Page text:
State and federal courts historically have used two models to interpret the Second Amendment: the “individual rights” model, which holds that individuals hold the right to bear arms, and the “collective rights” model, which holds that the right is dependent on militia membership. The “collective rights” model has been rejected by the Supreme Court, in favor of the individual rights model.

    The Supreme Court’s primary Second Amendment cases include United States v. Miller, (1939); District of Columbia v. Heller (2008); and McDonald v. Chicago (2010).

    Heller and McDonald supported the individual rights model, under which the Second Amendment protects the right to keep and bear arms much as the First Amendment protects the right to free speech. Under this model, the militia is composed of members who supply their own arms and ammunition. This is generally recognized as the method by which militias have historically been armed, as the Supreme Court in Miller said:

    The signification attributed to the term Militia appears from the debates in the Convention, the history and legislation of Colonies and States, and the writings of approved commentators. These show plainly enough that the Militia comprised all males physically capable of acting in concert for the common defense. ‘A body of citizens enrolled for military discipline.’ And further, that ordinarily when called for service these men were expected to appear bearing arms supplied by themselves and of the kind in common use at the time.[175]

    Of the collective rights model that holds that the right to arms is based on militia membership, the Supreme Court in Heller said:

    A purposive qualifying phrase that contradicts the word or phrase it modifies is unknown this side of the looking glass (except, apparently, in some courses on Linguistics). If “bear arms” means, as we think, simply the carrying of arms, a modifier can limit the purpose of the carriage (“for the purpose of self-defense” or “to make war against the King”). But if “bear arms” means, as the petitioners and the dissent think, the carrying of arms only for military purposes, one simply cannot add “for the purpose of killing game.” The right “to carry arms in the militia for the purpose of killing game” is worthy of the mad hatter.[176]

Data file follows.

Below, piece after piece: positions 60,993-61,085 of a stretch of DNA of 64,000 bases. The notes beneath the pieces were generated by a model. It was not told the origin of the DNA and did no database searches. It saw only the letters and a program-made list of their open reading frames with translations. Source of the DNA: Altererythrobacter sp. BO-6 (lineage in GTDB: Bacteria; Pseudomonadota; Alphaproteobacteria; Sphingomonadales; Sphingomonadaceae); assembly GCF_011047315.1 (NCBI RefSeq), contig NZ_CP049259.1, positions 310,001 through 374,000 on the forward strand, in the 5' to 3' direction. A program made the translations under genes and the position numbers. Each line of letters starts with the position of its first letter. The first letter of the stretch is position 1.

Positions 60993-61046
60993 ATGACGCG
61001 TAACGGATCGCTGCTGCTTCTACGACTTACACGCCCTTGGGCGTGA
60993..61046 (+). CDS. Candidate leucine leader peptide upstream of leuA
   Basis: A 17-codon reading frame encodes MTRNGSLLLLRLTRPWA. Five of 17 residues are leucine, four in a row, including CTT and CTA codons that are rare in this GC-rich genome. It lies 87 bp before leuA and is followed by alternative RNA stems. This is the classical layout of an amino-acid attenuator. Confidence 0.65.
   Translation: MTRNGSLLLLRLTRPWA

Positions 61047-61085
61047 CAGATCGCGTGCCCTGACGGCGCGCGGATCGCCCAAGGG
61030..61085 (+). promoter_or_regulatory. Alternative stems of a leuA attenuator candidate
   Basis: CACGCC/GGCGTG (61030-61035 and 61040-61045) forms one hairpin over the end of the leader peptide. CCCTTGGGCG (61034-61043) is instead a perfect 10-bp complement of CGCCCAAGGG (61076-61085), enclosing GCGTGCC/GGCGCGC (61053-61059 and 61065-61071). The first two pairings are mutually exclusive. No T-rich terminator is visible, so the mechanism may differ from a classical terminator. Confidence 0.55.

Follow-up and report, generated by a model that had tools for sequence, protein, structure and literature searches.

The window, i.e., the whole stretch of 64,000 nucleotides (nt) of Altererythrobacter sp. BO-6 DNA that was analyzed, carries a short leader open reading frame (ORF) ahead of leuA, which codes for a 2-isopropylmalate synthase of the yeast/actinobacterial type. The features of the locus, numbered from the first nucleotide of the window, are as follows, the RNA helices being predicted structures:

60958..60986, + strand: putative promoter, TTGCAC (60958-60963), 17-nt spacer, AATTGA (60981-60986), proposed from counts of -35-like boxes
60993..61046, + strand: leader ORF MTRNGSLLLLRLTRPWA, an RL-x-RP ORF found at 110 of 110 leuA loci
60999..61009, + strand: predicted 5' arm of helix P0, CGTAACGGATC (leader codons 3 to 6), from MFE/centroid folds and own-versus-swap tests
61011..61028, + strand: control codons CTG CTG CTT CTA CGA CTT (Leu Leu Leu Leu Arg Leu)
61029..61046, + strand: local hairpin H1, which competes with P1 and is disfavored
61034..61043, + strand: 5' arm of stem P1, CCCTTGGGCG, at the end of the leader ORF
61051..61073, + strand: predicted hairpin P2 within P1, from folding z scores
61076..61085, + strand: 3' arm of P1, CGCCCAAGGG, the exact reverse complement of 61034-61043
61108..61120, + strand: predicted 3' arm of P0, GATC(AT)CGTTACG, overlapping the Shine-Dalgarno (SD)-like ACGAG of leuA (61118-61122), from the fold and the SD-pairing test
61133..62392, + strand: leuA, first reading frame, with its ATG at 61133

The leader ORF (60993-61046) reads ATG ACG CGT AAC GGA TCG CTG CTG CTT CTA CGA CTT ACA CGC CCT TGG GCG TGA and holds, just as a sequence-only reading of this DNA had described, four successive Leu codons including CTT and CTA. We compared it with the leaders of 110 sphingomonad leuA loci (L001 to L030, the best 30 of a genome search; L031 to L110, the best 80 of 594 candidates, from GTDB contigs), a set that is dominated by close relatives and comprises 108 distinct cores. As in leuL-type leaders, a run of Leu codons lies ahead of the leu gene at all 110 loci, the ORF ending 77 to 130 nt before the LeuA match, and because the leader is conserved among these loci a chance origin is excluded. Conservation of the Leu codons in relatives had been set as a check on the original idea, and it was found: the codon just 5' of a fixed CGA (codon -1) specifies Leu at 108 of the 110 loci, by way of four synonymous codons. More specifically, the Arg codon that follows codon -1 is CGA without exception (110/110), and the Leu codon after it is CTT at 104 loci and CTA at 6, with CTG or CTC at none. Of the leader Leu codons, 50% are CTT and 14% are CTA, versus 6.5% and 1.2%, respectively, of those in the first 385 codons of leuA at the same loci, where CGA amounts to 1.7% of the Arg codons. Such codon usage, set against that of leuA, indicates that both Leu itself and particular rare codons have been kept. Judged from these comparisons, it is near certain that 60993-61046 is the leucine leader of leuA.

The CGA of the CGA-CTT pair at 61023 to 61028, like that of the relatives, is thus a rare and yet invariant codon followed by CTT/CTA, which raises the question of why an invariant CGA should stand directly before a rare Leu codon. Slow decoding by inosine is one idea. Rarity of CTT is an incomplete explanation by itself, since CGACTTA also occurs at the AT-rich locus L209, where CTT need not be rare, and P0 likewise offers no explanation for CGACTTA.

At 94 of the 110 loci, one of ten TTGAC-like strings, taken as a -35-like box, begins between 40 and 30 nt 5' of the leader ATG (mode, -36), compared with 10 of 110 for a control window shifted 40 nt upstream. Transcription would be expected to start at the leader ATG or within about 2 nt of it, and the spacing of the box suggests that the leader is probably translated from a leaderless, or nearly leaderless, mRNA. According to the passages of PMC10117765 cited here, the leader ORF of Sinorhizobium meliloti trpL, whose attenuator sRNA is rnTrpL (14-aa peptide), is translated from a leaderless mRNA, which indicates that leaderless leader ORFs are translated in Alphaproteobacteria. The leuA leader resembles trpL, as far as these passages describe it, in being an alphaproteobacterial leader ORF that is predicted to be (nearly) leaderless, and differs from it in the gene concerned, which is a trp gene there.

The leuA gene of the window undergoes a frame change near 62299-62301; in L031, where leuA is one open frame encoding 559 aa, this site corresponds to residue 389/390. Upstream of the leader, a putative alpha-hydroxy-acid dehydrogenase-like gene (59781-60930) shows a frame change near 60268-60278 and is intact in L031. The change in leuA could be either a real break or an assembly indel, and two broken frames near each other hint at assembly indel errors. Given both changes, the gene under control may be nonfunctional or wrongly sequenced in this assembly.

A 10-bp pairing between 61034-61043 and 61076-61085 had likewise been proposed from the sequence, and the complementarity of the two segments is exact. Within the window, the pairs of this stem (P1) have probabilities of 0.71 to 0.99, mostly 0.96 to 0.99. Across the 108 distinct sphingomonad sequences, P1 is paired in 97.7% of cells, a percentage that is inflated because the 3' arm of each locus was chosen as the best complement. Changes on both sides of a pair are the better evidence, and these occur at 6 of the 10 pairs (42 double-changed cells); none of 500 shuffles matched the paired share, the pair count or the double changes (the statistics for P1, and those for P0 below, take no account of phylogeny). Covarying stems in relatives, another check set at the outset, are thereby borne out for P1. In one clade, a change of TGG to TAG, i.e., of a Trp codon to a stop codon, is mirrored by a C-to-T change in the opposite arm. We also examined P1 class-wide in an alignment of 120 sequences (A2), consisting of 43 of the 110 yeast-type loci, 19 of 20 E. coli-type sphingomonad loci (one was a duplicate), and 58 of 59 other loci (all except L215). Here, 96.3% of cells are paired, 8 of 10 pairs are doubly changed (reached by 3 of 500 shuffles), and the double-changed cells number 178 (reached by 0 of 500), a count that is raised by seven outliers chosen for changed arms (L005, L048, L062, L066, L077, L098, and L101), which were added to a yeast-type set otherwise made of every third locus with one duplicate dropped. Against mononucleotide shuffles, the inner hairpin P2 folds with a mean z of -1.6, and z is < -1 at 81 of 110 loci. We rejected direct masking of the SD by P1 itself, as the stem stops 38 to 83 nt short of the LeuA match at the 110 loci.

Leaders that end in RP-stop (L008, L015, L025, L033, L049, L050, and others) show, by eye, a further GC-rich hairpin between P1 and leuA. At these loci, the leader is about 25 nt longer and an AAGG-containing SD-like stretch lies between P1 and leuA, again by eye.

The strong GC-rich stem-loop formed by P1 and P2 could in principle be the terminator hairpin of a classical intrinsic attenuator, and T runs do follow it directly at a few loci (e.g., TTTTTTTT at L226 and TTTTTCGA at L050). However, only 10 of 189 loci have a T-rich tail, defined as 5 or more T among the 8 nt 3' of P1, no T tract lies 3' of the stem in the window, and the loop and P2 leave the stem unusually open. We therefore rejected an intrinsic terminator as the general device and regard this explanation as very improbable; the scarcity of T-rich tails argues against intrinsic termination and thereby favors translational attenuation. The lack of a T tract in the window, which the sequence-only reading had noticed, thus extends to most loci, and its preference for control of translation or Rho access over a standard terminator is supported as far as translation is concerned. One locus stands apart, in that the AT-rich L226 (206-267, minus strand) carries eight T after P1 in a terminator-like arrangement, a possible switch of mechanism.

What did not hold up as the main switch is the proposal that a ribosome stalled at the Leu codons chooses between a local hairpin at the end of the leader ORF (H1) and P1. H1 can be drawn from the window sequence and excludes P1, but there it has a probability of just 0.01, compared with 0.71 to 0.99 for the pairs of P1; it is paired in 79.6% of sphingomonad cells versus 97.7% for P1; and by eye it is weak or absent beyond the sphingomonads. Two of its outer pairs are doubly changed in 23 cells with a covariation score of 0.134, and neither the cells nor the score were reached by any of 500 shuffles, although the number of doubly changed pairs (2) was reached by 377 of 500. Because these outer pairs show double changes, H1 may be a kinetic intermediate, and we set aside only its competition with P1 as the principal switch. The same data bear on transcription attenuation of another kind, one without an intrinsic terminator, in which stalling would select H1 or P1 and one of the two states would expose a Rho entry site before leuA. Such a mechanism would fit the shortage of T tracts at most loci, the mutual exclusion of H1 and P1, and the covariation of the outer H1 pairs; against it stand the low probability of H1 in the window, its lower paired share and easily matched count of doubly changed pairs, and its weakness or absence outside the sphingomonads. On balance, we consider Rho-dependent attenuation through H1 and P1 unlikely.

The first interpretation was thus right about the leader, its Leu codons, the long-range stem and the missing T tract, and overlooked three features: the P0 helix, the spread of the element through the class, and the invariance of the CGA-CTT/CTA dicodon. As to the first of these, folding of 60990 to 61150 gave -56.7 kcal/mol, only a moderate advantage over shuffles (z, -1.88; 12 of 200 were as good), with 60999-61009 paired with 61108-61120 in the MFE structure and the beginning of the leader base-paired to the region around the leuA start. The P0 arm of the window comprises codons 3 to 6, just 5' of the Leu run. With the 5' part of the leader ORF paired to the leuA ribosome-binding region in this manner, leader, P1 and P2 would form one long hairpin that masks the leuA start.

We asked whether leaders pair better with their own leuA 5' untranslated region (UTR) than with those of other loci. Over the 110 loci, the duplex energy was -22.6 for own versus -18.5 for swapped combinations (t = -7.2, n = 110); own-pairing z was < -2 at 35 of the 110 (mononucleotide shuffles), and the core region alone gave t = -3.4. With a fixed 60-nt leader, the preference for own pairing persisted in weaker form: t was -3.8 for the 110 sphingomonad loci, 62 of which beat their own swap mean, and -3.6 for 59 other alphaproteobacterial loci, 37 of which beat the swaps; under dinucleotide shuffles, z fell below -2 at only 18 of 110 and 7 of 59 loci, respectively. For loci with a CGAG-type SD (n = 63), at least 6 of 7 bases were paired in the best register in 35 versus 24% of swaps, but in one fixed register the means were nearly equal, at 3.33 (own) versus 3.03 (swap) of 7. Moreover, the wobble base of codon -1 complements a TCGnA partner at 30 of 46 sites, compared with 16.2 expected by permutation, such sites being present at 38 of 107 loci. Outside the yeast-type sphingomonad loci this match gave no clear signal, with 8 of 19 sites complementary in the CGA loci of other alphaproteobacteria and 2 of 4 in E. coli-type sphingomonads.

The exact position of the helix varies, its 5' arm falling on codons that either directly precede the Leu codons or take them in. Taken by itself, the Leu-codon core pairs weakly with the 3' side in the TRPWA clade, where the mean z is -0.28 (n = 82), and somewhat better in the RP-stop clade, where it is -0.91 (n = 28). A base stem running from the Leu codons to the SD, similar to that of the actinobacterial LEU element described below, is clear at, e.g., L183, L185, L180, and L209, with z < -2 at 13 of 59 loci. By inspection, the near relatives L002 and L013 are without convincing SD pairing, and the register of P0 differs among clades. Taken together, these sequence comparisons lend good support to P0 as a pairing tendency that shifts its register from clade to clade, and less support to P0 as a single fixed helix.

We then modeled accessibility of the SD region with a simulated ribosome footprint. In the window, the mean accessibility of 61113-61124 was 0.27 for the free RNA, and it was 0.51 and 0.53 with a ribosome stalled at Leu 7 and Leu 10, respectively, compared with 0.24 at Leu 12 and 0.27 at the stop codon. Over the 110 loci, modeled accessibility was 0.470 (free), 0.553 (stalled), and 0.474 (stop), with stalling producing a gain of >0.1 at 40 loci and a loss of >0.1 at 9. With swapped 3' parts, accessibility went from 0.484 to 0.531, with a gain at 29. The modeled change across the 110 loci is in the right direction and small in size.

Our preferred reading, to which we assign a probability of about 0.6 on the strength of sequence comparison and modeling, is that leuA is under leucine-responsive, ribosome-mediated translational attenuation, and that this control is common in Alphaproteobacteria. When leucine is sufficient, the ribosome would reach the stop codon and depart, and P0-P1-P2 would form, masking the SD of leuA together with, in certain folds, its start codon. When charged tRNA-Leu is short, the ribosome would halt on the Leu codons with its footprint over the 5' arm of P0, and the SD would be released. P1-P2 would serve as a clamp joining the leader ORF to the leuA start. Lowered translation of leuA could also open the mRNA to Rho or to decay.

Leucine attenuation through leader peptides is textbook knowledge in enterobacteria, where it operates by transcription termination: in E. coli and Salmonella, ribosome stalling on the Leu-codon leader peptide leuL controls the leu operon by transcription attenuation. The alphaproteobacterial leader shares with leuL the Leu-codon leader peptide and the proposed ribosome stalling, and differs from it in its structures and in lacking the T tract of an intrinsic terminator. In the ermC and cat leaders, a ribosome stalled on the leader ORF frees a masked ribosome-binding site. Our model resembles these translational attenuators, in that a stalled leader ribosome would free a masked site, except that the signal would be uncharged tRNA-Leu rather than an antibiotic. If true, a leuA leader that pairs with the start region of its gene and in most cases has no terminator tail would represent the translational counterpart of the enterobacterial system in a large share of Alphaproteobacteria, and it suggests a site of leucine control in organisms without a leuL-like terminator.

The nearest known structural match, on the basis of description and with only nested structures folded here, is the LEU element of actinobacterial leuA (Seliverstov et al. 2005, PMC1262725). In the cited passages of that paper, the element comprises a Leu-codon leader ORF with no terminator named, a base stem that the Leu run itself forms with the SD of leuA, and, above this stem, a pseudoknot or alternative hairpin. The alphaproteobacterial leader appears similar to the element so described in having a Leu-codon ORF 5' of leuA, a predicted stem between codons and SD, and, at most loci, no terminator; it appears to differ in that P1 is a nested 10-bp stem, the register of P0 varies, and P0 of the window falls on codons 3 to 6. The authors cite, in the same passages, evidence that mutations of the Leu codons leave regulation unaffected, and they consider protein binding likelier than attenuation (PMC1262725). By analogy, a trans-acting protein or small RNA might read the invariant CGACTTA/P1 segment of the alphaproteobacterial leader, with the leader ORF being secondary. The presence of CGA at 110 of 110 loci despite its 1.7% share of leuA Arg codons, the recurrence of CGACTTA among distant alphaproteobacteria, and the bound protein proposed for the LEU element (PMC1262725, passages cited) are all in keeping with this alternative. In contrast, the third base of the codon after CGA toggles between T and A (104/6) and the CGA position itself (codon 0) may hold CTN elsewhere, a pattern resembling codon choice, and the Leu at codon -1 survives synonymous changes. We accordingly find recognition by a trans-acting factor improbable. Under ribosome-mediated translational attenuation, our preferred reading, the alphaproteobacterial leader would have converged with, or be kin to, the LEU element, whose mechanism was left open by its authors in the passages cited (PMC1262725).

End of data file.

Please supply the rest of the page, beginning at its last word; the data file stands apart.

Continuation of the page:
United States v. Cruikshank

    In the Reconstruction Era case of United States v. Cruikshank92 U.S. 542 (1875), the defendants were white men who had killed more than sixty black people in what was known as the Colfax massacre and had been charged with conspiring to prevent blacks from exercising their right to bear arms. The Court dismissed the charges, holding that the Bill of Rights restricted Congress but not private individuals. The Court concluded, “[f]or their protection in its enjoyment, the people must look to the States.”[177]

    The Court stated that “[t]he Second Amendment…has no other effect than to restrict the powers of the national government ……”[178] Likewise, the Court held that there was no state action in this case, and therefore the Fourteenth Amendment was not applicable:

    The fourteenth amendment prohibits a State from depriving any person of life, liberty, or property, without due process of law; but this adds nothing to the rights of one citizen as against another.[179]

    Thus, the Court held a federal anti-Ku-Klux-Klan statute to be unconstitutional as applied in that case.[180]

    Presser v. Illinois

    In Presser v. Illinois116 U.S. 252 (1886), Herman Presser headed a German-American paramilitary shooting organization and was arrested for leading a parade group of 400 men, training and drilling with military weapons with the declared intention to fight, through the streets of Chicago as a violation of Illinois law that prohibited public drilling and parading in military style without a permit from the governor.[64][181]

    At his trial, Presser argued that the State of Illinois had violated his Second Amendment rights. The Supreme Court reaffirmed Cruikshank, and also held that the Second Amendment prevented neither the States nor Congress from barring private militias that parade with arms; such a right “cannot be claimed as a right independent of law.” This decision upheld the States’ authority to regulate the militia and that citizens had no right to create their own militias or to own weapons for semi-military purposes.[64] However the court said: “A state cannot prohibit the people therein from keeping and bearing arms to an extent that would deprive the United States of the protection afforded by them as a reserve military force.”[182]

    Miller v. Texas